BONITA SPRINGS, Fla. (AdAge.com) -- Online media increased its share of advertising dollars in 2003, according to research released yesterday at the iMedia Brand Summit.
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Online media's share of advertising grew modestly to 3.3% in 2003, up from 3.1% in 2002, said Charlie Buchwalter, senior analyst with VNU's Nielsen/NetRatings. Online retail grew faster -- from 2.5% of all retail commerce in 2002 to 3.2% in 2003.
Based on research pairing Nielsen/NetRatings with sibling ACNielsen Corp.'s HomeScan consumer panel, Mr. Buchwalter reported apparently strong offline sales results for last fall and winter's online "Hungriest Player" promotion for Masterfoods USA's Snickers brand.
Of panelists who visited Snickers.com to participate in the promotion, 52% purchased Snickers bars at offline retailers during the promotion period last fall and winter, Mr. Buchwalter said. Snickers.com visitors were twice as likely to buy Snickers as Web surfers who hadn't visited the site.
Johnson & Johnson found success with a very different sort of online-offline integration last June involving an interactive His & Her Body quiz during The View on Walt Disney Co.'s ABC, said Dave Adelman, director-media futures innovation for J&J. Success of the program, in which viewers answered quiz questions on ABC.com or their wireless phones, has led J&J to plan two more such interactive TV programs in 2004, he said.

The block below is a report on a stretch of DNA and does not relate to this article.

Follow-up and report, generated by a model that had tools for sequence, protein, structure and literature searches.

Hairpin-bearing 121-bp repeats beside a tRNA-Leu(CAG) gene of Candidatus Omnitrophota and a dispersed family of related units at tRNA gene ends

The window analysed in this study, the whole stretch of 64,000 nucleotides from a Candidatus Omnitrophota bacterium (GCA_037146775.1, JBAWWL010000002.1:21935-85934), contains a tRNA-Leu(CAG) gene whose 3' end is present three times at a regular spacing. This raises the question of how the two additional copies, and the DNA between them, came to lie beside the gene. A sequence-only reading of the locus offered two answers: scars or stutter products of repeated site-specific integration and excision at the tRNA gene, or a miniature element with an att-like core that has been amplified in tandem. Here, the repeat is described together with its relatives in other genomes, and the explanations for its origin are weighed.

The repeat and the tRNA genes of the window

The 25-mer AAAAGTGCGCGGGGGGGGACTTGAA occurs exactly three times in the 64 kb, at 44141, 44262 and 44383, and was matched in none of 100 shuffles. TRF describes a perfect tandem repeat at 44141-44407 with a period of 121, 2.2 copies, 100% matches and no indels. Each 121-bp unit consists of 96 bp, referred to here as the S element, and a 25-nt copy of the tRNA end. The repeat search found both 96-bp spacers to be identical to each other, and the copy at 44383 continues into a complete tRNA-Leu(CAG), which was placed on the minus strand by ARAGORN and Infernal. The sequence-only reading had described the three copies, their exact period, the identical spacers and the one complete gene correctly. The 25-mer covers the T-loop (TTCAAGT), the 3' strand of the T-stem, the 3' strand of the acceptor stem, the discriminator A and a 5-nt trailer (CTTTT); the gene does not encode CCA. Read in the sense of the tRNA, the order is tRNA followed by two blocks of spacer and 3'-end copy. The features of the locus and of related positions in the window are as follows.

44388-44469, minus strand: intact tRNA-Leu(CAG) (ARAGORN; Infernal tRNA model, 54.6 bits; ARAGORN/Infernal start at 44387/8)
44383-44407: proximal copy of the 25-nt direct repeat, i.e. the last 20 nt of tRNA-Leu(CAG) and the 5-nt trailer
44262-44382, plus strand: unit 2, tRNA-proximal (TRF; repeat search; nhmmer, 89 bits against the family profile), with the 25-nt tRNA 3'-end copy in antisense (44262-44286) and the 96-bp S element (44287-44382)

A day-after survey of 1,000 passive viewers of the show and 1,000 who participated in the quiz showed interactive participants watched 54 minutes of the program, compared to 43 minutes on average for passive viewers. But both sets of viewers said they skipped ads less by channel surfing or other means during the program than they normally do because of the quiz, with 29% of active viewers saying they skipped ads less and 80% of the interactive participants saying they skipped ads less.
Making ads 'work harder'
"The Internet can make your ads work harder," Mr. Adelman said.
The cross-platform deal was negotiated with ABC during the upfront, he said. Previous attempts to do such an interactive program with The View when it was run by ABC's news division two years ago met with resistance "because of church-state issues," he said, adding that the shift of the program to the entertainment division paved the way.